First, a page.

If you don’t have a Big Green EGG—the plump, cheerfully indented, bright green ceramic cooker which first took the United States by storm in the 1970s—then grill manufacturer Big Green EGG’s Big Green EGG Cookbook: Celebrating the World’s Best Smoker & Grill probably isn’t the right gift for you. But if you’re an EGGhead—Big Green EGG’s nickname for their customers, referring especially to the folks who will swear by no other grill—then you’ll no doubt need this book for your extensive collection of literature capturing the fine art of ceramic cookery.
The introductory sections of the cookbook will at least be interesting to EGGheads and non-EGGheads alike, as it outlines the fascinating history of the grill in the United States. It was an unexpectedly successful business venture, first launched when Big Green EGG’s founder, Ed Fisher, began importing and refashioning Japanese kamados, globular ceramic cookers. Thus the EGG was hatched, and along with it the role of the kamado in American cookery. The Big Green EGG Cookbook’s existence and achievement is due to the grill’s extensive fan base—and the cookbook, a 320-page hardcover book boasting 160 recipes, gives back, detailing the history of its cult and including an entire section of recipes created by loyal EGGheads.
The Big Green EGG Cookbook is not your typical guide to grilling; while a great deal of the book explains how to grill, roast, or smoke meats and vegetables on the EGG, the company wants to emphasize the fact that its product has many other capabilities. The EGG is touted as oven and grill in one—the chef can make complex baked goods and side dishes, such as bananas foster or baked beans, in addition to standard barbecued meats. The company explains the benefits of using the EGG versus other grills, with special emphasis on the ceramic cooker’s durability and unique internal and external temperature control, and why chefs should use Big Green EGG’s special blend of natural charcoal.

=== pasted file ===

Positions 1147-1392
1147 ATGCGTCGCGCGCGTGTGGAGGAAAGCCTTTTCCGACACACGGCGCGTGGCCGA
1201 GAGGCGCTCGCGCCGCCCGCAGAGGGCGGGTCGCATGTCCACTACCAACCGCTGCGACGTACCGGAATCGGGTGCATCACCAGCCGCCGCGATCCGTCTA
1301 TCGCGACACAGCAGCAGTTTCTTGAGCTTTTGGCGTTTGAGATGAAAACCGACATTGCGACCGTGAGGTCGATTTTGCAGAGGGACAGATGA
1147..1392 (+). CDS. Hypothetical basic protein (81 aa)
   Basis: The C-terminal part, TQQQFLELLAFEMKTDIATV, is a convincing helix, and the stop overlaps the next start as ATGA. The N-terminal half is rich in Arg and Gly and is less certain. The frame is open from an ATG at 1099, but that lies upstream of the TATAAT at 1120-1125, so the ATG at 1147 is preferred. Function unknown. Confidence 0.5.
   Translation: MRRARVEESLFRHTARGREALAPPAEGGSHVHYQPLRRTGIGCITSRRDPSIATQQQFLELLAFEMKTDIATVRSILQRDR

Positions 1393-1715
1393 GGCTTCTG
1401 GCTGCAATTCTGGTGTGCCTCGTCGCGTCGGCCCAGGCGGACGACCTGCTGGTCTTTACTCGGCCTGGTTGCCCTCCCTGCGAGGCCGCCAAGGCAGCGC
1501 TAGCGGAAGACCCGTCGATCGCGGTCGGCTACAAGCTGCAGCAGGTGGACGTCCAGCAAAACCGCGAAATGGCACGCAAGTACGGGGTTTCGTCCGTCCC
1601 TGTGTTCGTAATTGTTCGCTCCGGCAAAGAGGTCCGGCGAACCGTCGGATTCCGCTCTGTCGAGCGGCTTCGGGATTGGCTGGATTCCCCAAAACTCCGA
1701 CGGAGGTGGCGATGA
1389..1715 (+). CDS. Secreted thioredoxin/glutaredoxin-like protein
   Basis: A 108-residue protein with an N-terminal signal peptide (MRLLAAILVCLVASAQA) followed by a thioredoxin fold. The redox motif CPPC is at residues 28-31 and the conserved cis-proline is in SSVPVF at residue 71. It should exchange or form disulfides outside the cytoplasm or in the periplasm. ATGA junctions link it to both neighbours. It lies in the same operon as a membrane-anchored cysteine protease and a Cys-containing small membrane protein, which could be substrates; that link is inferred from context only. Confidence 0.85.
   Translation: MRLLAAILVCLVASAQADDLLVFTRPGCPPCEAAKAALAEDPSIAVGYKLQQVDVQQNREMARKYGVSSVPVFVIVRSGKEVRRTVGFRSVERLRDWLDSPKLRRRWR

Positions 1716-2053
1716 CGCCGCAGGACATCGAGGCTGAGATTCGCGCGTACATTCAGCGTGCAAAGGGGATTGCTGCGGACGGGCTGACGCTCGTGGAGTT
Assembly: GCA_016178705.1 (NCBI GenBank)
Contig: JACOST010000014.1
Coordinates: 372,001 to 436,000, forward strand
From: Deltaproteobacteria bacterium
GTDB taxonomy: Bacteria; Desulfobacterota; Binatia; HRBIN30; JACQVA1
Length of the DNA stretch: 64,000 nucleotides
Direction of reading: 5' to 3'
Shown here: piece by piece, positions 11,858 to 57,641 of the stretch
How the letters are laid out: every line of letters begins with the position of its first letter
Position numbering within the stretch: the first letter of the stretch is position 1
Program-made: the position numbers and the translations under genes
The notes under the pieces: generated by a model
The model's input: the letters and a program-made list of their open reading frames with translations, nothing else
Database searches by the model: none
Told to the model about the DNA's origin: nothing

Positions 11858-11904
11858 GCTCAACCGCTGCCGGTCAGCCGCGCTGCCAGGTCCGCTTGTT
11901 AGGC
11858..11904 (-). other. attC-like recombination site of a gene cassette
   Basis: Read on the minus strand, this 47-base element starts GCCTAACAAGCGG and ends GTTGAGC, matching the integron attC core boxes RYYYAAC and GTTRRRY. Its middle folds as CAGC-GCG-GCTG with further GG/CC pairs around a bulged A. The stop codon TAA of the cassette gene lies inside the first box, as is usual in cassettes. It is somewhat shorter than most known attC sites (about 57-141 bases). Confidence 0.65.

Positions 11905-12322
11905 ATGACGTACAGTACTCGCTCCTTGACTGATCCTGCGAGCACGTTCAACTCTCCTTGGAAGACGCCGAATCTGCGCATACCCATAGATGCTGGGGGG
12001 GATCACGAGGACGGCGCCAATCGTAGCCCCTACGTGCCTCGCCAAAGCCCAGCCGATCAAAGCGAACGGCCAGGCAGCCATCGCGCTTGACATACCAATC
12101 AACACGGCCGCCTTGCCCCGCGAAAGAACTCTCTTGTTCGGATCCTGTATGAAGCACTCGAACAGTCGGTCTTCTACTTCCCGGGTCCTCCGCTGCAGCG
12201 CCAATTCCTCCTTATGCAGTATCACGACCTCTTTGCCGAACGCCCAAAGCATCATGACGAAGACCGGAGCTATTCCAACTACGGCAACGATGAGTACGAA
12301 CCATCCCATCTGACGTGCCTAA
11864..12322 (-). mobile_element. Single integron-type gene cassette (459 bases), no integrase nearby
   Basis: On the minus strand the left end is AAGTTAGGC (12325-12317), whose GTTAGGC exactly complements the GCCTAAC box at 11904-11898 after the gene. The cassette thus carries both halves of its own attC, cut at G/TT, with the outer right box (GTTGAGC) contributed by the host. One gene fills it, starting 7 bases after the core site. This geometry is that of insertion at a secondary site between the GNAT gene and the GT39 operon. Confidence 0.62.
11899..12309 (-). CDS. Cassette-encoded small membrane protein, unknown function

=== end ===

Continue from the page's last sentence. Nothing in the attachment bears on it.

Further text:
Next are the recipes, neatly broken up into categories, beginning with the obvious processes of roasting, grilling, and smoking meats, including various rub and sauce recipes, before dipping into unexplored grilling territory: appetizers, vegetarian dishes, side dishes, baked goods, breakfast items, and desserts. The recipes are remarkable for their appeal and versatility, covering a variety of tastes. Some entrée-style recipes are paired with appropriate side dishes, while other recipes are tied together by a common style or ingredient. For example, Big Green EGG divulges the recipe for their Red Chili Rub, which is more than a meat rub—it can be prepared to use for either Red Chile Scallops with Cool Mango-Mint Salsa or Red Chili & Lime Shortbread Cookies as well. Many of the recipes are neither quick (even in terms of pre-grill preparation) nor intended for the faint of heart. Though they are clear and fleshed out enough to follow, the recipes require patience, numerous ingredients, and a taste for the exotic. Warm Southwestern Potato Salad, for example, requires grilled cactus and chopped jicama, two items unlikely to be staples in the average chef’s refrigerator.
To a non-EGGhead, a griller apart from the exclusive community that the Big Green EGG Cookbook brings to life, the recipes may seem flawed by Big Green EGG’s accompanying promotion of their products. For example, the company points out that an EGGhead may require a few customized accessories to fully realize the grill’s potential, such as a pizza stone or a plate setter; as the pages drag in the “Getting Acquainted with EGGs and EGGcessories” section, it begins to read like an EGG catalog. However, this welcoming cookbook will manage to convince even the skeptical beginner EGGhead of the necessity of giving in fully to the universe of the EGG, regardless of cost or hardship, to yield the most perfect dishes.